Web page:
“If a man has a hobby he follows it up, whatever his other pursuits may be,” said the odious Baron Gruner in “The Adventure of the Illustrious Client.”
Even in these divisive times, a shared interest can bring people together despite differences of age, race, sex, religion (or lack thereof), politics, employment, economic circumstances, etc.
That was much on display earlier this month as 100 Sherlockians descended on Bloomington, IN for the amazing Building an Archive conference put on by the Baker Street Irregulars.
And the new book “Aboriginals”The Earliest Baker Street Irregulars 1934-1940, by Harrison Hunt and Linda Hunt, establishes in black and white that the followers of the Master have always been a varied lot. Dedicated “to all those who have gone before,” the book is a series of mini-biographies of the first generation of Baker Street Irregulars.
The authors wisely divide the volume into four sections: the stalwarts who were the heart and soul of Christopher Morley’s BSI (23 of them), those who attended one or more of the early dinners but had no other involvement (34), the “irregular Irregulars” who had some connection (7), and those who solved Frank Morley’s famous Sherlockian crossword puzzle and didn’t fit into the other categories (26). At the end is a profile of Christ Cella, whose New York speakeasy was home to those first BSI dinners.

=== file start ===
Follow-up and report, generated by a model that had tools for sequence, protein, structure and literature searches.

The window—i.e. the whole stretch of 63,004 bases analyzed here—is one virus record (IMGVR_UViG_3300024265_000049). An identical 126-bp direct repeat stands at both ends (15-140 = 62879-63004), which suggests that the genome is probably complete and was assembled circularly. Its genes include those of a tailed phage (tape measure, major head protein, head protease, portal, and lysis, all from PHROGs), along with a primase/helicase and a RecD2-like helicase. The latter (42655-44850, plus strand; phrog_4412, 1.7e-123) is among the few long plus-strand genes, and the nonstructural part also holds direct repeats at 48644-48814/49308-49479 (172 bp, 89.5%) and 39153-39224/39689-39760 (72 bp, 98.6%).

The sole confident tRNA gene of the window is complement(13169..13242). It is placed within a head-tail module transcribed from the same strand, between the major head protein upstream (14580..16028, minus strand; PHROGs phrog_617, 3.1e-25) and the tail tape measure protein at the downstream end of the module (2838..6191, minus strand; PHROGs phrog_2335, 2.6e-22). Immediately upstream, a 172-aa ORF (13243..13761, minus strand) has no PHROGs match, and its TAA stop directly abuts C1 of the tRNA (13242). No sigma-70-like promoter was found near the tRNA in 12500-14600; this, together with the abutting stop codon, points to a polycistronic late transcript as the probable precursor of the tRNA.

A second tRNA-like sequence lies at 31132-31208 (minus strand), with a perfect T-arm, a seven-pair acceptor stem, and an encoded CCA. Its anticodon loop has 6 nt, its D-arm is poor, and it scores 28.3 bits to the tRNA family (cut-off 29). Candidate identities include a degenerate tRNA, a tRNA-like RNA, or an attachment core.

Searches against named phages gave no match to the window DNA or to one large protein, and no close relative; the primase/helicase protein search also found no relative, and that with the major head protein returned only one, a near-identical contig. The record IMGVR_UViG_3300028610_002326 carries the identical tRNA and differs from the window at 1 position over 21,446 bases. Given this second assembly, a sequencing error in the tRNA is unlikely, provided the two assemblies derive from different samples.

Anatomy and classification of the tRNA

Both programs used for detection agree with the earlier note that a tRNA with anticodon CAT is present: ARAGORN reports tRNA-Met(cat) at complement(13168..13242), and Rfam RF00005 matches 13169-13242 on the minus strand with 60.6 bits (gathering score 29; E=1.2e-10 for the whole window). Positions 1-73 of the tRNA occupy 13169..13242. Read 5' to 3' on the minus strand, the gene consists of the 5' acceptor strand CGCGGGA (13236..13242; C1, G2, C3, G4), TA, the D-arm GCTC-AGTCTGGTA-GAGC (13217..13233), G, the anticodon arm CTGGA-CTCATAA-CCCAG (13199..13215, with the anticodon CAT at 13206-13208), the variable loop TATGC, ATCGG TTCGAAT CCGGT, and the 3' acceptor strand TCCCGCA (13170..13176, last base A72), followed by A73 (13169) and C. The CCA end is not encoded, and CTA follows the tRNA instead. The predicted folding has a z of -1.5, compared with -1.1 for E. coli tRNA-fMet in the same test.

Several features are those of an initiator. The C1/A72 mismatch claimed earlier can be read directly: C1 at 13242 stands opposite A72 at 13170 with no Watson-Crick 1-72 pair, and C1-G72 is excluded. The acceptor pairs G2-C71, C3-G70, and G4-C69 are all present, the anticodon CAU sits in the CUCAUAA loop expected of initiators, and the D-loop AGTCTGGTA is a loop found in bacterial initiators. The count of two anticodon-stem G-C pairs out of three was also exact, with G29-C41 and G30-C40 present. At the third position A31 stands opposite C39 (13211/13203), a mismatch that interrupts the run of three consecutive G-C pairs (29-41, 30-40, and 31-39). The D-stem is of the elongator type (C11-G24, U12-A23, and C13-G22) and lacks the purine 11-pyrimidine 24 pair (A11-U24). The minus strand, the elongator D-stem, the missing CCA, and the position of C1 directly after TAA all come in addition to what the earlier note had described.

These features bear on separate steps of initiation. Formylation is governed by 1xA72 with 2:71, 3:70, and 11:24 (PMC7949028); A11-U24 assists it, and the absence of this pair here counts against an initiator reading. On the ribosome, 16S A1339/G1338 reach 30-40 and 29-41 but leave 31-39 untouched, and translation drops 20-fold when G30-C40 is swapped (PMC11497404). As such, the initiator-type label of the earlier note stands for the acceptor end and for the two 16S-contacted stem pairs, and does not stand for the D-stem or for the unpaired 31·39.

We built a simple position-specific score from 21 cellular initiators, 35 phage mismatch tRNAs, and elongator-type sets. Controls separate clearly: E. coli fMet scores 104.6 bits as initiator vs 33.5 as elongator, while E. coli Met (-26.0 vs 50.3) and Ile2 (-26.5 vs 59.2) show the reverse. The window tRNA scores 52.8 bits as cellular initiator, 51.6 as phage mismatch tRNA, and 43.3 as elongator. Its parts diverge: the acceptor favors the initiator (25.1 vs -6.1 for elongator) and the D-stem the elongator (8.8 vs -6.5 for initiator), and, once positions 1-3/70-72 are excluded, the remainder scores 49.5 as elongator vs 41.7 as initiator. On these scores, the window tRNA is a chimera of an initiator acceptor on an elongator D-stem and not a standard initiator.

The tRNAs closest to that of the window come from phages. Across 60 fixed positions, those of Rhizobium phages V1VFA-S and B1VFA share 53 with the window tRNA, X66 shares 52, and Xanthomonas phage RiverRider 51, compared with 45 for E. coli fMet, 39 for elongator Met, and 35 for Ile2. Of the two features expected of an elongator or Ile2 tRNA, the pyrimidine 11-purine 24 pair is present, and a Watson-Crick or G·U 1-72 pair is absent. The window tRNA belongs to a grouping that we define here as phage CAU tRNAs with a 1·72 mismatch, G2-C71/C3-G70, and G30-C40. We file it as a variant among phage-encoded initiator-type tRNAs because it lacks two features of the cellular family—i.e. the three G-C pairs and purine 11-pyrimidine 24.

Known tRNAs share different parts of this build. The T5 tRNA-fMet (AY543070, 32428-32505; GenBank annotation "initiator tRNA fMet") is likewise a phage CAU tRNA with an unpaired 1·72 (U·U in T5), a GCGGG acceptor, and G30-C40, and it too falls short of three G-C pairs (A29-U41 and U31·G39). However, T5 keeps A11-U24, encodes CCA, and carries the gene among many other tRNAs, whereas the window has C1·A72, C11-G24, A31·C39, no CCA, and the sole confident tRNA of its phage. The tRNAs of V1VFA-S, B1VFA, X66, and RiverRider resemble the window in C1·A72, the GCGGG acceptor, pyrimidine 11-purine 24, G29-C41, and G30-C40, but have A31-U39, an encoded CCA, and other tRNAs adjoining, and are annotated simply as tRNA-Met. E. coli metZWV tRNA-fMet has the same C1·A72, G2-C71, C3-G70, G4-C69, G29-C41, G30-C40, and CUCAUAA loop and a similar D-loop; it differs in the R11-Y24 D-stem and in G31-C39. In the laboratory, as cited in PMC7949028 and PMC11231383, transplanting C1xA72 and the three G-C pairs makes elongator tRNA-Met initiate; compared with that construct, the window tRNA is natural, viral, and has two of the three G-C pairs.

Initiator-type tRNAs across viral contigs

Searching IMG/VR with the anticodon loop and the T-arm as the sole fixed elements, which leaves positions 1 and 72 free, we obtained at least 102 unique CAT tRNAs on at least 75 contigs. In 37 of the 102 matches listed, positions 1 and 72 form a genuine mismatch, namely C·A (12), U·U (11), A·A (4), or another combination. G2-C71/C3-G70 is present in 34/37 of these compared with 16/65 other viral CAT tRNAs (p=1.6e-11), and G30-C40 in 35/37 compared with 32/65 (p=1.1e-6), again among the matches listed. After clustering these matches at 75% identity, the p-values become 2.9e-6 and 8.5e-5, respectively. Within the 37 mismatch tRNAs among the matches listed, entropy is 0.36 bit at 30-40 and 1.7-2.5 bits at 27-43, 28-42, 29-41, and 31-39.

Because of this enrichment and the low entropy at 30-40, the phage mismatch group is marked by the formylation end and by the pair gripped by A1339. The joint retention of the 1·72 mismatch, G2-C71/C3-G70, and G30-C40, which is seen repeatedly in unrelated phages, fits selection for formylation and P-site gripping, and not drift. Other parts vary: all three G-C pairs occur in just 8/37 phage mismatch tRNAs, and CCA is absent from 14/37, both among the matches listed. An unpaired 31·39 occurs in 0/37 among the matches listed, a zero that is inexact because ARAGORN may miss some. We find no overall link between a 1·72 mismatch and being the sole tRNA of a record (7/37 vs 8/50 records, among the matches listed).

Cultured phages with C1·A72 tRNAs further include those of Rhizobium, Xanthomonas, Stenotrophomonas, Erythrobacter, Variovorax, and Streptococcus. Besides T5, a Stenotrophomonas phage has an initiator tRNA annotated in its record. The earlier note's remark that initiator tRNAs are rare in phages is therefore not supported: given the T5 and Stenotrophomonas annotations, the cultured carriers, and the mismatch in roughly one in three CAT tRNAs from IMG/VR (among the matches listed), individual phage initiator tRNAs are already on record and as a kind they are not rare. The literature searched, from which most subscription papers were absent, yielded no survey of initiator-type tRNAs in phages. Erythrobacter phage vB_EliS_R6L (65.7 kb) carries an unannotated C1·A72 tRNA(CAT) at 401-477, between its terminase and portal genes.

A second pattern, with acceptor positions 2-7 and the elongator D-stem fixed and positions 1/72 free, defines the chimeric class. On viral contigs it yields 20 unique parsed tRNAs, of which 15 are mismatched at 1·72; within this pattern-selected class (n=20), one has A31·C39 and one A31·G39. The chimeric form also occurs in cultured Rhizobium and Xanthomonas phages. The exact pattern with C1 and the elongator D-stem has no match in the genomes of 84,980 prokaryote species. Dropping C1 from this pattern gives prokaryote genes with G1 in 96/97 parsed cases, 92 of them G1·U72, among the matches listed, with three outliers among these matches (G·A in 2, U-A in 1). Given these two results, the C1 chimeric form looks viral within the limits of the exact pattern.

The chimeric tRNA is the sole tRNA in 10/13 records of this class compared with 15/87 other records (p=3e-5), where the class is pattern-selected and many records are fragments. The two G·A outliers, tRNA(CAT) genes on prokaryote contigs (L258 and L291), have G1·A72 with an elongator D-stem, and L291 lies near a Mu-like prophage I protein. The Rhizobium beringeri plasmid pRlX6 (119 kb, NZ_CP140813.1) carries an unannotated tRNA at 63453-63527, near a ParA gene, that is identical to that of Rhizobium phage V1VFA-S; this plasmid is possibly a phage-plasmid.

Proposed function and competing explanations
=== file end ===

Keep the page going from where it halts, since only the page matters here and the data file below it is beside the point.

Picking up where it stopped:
Some of those profiled in the book will be familiar to most Sherlockians – Morley, Starrett, Bell, Gillette, Briggs, Davis, Keddie, Officer, Smith, Steele, and many more. Then there are those whose names are perhaps well known, but not associated with Sherlock Holmes – Stephen Vincent Benét, Don Marquis, Gene Tunney, and R. Buckminster Fuller, for example.
Other names are well known, but only in select circles. Unique among these, perhaps, is William Moulton Marston. He invented the lie detector with the help of one of his wives. He also had a second wife bigamously, with the permission of his first wife. They all lived together, along with the two children of each wife. In his spare time (!) he created the comic book character Wonder Woman. He died at the age of 54 in 1947. His widows lived together for the rest of their lives.
Half of the crossword puzzle contest winners were women and thus never invited to the all-male BSI dinners of their era. Two of them were honored with the BSI’s Queen Victoria Medal in 1990. However, the indefatigable research of the Hunts established that four additional women who qualified were alive at the time but went unnoticed.
This is a great reference book, but it’s also enjoyable to read straight through as I did. We Sherlockians surely walk on the shoulders of “all who have gone before.”